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Montreal, QC • Canada • 35 Years Old • Male
Sorry about that weak Shakespeare referrence, but it was my attempt at cleverness. Guess it didn't work out too well, eh? Much like Kyle Chipchura's career with Montreal didn't work out too well.

Nice segue! Heh. But I digress...

Kyle Chipchura - selected 18th overall in the 1st round of the 2004 NHL draft - was picked by Montreal as much for his tangible as his intangible skills. While there is no question that Kyle was never supposed to be a 30 goal scorer, his leadership skills were seemingly his biggest asset. This guy had been a captain at almost every level he had played, most recently at the helm of the Prince Albert Raiders. When the 2006 World Junior Championships came around - those are the ones where Carey Price made a name for himself and won tournament MVP - Chipchura was again named captain of the team, further illustrating why the Habs chose him. The kid had leader and future captain written all over him.

The problem started for Chipchura when in 2005 his achilles tendon was cut, in practice, by an errant skate blade. This sent his season, and by extension his career, into disarray. Skating was never Kyle's strongest skill and while he would make a full recovery from the sliced tendon injury, it would take a notch off of his already weak stride. This, I believe, was ultimatley his undoing - at least in a Habs uniform.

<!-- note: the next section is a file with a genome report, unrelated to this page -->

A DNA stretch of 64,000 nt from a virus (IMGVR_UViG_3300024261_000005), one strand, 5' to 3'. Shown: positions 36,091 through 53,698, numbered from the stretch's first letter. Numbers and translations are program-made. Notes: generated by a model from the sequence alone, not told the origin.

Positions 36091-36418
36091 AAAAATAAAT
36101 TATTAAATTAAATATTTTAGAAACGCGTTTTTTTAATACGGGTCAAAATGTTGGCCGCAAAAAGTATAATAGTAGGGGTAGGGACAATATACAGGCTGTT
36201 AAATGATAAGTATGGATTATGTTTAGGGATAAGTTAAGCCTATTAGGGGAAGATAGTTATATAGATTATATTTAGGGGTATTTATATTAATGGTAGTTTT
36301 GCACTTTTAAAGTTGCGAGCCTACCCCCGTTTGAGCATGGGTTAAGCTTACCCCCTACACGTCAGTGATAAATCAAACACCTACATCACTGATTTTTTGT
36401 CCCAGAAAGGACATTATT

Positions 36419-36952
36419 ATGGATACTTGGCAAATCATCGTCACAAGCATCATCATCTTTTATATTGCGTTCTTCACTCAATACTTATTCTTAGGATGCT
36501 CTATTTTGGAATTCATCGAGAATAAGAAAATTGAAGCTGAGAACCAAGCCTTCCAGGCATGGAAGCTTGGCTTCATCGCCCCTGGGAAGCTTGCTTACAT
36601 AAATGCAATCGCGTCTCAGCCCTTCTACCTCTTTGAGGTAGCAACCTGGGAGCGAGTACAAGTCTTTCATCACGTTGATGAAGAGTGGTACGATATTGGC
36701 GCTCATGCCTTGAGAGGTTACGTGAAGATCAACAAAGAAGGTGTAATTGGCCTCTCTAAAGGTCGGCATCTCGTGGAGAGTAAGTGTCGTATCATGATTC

Since joining the Canadiens AHL affiliate - the Hamilton Bulldogs - in 2005, Chipchura has failed to solidify a spot on the big club. Having taken part in three Habs training camps and not being able to hold down a spot each time, you had the sense that this year would be his last kick at the can. This year, due to his tenure and contract, Montreal no longer had the option of sending Chipchura back to the minors without him having to clear waivers. A situation which would surely have seen him claimed by another team. As such, when he was hurt during training camp, he stayed with the team and started the year in Montreal.

Well, needless to say, his time in Montreal this season was horrible. So far, this year, Chips has played in 19 games and has 0 goals and 0 assists and is a -10. As you can see, these are horrible numbers. This culminated in last nights 3-0 shutout at the hands of the Toronto Maple Leafs, where Chips had less than two minutes of ice time and ended the night a -2. Brutal.

Now, Chipchura is gone and the sad part of it is that this is yet another 1st round draft pick that Montreal has seemingly squandered. From Chris Higgins, to Mike Komisarek and Kyle Chipchura, Montreal is either picking the wrong player or letting the good ones get away once they have them. This is not the way to build a contender. Chipchura's downfall was ultimately his ankle injury which left him permanently affected. Recently, on the Team 990, hockey analyst Pierre McGuire explained how Chips could have been a very useful Brian Skrudland-type player if it hadn't been for the injury. Unfortunate, but seemingly true.